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Full Online Book HomeLong StoriesGoldsmith - Chapter 7. The Citizen Of The World.--Beau Nash
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Goldsmith - Chapter 7. The Citizen Of The World.--Beau Nash Post by :runtonk Category :Long Stories Author :William Black Date :May 2012 Read :2543

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Goldsmith - Chapter 7. The Citizen Of The World.--Beau Nash

CHAPTER VII. The Citizen of the World.--Beau Nash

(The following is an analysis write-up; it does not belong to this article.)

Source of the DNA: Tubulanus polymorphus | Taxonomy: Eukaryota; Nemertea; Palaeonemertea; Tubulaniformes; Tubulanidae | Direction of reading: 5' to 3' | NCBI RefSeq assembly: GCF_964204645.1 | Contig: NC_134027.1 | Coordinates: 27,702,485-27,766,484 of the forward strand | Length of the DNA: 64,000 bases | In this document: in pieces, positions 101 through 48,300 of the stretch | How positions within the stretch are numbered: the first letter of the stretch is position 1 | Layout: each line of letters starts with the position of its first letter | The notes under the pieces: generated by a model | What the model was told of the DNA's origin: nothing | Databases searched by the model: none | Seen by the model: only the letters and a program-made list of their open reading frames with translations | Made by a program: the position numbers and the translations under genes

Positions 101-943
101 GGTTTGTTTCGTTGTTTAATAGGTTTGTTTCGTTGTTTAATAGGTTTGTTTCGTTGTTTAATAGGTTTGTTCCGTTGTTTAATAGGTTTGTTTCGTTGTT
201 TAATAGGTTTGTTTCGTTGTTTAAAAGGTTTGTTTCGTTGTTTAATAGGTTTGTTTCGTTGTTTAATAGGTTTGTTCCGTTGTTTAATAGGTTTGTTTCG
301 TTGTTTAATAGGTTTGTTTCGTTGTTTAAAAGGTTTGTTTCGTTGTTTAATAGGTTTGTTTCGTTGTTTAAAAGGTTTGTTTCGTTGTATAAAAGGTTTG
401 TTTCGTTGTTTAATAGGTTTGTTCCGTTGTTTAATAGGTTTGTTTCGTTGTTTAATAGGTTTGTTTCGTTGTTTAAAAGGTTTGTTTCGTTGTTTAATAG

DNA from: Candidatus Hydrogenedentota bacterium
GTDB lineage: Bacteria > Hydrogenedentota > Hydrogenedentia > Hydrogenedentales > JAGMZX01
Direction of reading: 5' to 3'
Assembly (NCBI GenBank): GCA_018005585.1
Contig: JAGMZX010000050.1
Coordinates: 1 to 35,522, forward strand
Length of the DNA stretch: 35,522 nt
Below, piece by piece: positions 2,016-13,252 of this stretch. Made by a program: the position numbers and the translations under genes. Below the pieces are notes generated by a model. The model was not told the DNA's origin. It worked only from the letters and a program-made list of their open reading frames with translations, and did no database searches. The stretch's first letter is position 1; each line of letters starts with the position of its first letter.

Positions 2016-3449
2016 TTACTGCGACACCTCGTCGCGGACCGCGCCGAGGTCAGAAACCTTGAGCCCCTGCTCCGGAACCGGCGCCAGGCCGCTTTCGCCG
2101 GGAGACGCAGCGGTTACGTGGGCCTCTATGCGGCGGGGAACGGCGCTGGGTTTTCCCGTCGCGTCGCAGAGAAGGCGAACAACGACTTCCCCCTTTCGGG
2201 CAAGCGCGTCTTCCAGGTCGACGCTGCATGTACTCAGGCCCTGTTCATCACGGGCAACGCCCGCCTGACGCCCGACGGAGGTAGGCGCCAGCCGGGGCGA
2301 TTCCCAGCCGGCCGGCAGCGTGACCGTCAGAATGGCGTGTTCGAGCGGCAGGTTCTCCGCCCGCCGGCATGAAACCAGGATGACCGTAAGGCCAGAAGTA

Meanwhile, to return to his literary work, the _Citizen of the World had grown out of his contributions to the _Public Ledger_, a daily newspaper started by Mr. Newbery, another bookseller in St. Paul's Churchyard. Goldsmith was engaged to write for this paper two letters a week at a guinea a-piece; and these letters were, after a short time (1760), written in the character of a Chinese who had come to study European civilisation. It may be noted that Goldsmith had in the _Monthly Review_, in mentioning Voltaire's memoirs of French writers, quoted a passage about Montesquieu's _Lettres Persanes as follows: "It is written in imitation of the _Siamese Letters of Du Freny and of the _Turkish Spy_; but it is an imitation which shows what the originals should have been. The success their works met with was, for the most part, owing to the foreign air of their performances; the success of the _Persian Letters arose from the delicacy of their satire. That satire which in the mouth of an Asiatic is poignant, would lose all its force when coming from an European." And it must certainly be said that the charm of the strictures of the _Citizen of the World lies wholly in their delicate satire, and not at all in any foreign air which the author may have tried to lend to these performances. The disguise is very apparent. In those garrulous, vivacious, whimsical, and sometimes serious papers, Lien Chi Altangi, writing to Fum Hoam in Pekin, does not so much describe the aspects of European civilisation which would naturally surprise a Chinese, as he expresses the dissatisfaction of a European with certain phases of the civilisation visible everywhere around him. It is not a Chinaman, but a Fleet-Street author by profession, who resents the competition of noble amateurs whose works--otherwise bitter pills enough--are gilded by their titles:--"A nobleman has but to take a pen, ink, and paper, write away through three large volumes, and then sign his name to the title-page; though the whole might have been before more disgusting than his own rent-roll, yet signing his name and title gives value to the deed, title being alone equivalent to taste, imagination, and genius. As soon as a piece, therefore, is published, the first questions are--Who is the author? Does he keep a coach? Where lies his estate? What sort of a table does he keep? If he happens to be poor and unqualified for such a scrutiny, he and his works sink into irremediable obscurity, and too late he finds, that having fed upon turtle is a more ready way to fame than having digested Tully. The poor devil against whom fashion has set its face vainly alleges that he has been bred in every part of Europe where knowledge was to be sold; that he has grown pale in the study of nature and himself. His works may please upon the perusal, but his pretensions to fame are entirely disregarded. He is treated like a fiddler, whose music, though liked, is not much praised, because he lives by it; while a gentleman performer, though the most wretched scraper alive, throws the audience into raptures. The fiddler, indeed, may in such a case console himself by thinking, that while the other goes off with all the praise, he runs away with all the money. But here the parallel drops; for while the nobleman triumphs in unmerited applause, the author by profession steals off with--nothing."